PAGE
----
Conventional small molecule discovery is driven by high-throughput screening (HTS) centers. These centers are stuffed with expensive robotics designed to move microplates between various operations, such as compound dispensing, assay dispensing, incubation and optical screening. With well over 50,000 selective small molecule modulators required to probe human biology alone, our rate of discovery/cost (200 probes, 3 years, $400 million) must improve to reach this important goal. We have engineered an ultra-miniaturized and integrated microfluidic platform that dispenses with the robotics, microplates, and conventional compound libraries, and all of the costs associated therein. We envision an HTS instrument that can operate in any laboratory using DNA-encoded libraries, and consume minute quantities of precious screening reagents and cell lines. HTS campaigns of tomorrow using this platform will be as distributed and inexpensive as DNA sequencing is today, in pursuit of the original predicted outcome of the Human Genome Project: the ability to translate genomic sequence into therapeutics.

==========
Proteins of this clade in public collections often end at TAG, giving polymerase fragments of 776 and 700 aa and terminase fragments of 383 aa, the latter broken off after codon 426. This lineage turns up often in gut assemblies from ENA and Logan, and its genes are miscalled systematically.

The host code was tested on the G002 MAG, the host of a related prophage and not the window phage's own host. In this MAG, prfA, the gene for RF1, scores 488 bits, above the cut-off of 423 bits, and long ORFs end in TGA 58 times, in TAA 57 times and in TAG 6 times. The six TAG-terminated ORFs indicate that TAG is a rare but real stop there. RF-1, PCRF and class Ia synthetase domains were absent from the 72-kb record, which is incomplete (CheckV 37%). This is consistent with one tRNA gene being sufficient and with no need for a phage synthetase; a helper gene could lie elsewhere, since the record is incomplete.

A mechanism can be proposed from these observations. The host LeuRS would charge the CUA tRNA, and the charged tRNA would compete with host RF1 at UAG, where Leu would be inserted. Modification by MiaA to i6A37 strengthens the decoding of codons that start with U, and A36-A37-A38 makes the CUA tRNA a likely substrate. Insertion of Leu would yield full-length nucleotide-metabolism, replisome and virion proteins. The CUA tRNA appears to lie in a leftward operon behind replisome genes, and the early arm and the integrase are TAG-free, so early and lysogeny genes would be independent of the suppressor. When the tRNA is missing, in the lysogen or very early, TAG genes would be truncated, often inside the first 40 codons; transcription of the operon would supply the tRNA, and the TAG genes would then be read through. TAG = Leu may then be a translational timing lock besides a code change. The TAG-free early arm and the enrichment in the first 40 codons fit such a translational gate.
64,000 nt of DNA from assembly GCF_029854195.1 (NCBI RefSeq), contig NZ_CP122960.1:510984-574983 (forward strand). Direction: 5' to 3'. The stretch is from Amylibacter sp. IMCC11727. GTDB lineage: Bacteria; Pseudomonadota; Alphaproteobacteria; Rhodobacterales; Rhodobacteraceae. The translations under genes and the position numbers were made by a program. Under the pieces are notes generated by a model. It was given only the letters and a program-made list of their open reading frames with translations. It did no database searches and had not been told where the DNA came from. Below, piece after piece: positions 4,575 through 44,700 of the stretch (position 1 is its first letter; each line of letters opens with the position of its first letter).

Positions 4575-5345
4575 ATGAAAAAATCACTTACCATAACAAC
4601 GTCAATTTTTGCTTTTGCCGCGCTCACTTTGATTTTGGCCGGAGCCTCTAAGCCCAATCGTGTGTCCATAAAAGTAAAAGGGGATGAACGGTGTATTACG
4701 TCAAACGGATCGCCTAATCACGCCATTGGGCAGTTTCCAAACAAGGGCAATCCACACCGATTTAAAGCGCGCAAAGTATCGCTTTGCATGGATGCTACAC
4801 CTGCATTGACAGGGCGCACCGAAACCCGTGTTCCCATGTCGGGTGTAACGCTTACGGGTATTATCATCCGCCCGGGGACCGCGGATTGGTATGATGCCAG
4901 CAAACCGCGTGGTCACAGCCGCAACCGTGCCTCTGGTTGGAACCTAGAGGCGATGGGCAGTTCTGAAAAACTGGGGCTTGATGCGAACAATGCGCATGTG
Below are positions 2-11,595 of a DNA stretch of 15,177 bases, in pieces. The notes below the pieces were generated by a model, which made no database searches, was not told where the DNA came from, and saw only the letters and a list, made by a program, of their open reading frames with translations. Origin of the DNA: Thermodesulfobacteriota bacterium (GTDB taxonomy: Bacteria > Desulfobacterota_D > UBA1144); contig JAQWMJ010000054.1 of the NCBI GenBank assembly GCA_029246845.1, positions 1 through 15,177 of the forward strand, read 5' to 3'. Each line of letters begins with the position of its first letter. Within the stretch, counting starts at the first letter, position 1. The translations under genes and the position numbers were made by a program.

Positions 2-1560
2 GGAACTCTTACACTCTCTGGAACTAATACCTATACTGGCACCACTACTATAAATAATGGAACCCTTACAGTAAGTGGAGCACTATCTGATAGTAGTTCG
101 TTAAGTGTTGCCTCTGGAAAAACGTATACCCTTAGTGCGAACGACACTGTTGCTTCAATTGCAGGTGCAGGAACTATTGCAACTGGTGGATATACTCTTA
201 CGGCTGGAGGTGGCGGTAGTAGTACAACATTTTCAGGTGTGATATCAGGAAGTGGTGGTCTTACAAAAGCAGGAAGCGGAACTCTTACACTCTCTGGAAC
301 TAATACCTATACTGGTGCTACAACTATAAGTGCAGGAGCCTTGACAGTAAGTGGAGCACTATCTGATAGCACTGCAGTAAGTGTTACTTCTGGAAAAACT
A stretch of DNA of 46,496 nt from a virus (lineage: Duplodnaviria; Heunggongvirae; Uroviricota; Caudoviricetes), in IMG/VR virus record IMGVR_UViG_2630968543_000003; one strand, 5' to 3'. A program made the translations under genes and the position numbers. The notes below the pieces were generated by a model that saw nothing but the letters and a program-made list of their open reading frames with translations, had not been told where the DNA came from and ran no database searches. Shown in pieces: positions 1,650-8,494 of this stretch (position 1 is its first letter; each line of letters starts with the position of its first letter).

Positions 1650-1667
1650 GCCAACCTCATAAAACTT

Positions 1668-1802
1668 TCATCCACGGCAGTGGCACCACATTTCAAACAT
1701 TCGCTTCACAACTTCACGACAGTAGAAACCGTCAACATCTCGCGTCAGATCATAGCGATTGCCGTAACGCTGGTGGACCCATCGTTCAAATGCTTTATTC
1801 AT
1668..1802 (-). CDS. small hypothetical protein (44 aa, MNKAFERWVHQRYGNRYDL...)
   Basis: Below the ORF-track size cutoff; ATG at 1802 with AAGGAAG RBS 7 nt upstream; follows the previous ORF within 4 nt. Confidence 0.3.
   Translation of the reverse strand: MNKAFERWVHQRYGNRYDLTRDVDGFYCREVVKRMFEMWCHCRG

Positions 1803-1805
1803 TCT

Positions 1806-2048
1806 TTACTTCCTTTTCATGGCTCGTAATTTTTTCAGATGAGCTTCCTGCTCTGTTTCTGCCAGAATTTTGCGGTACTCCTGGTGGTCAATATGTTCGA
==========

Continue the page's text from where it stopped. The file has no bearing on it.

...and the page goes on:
bpaegel@uci.edu
Professor
949-824-9368
101 Theory (Suite 154)

Position: 

  • Joint Appointments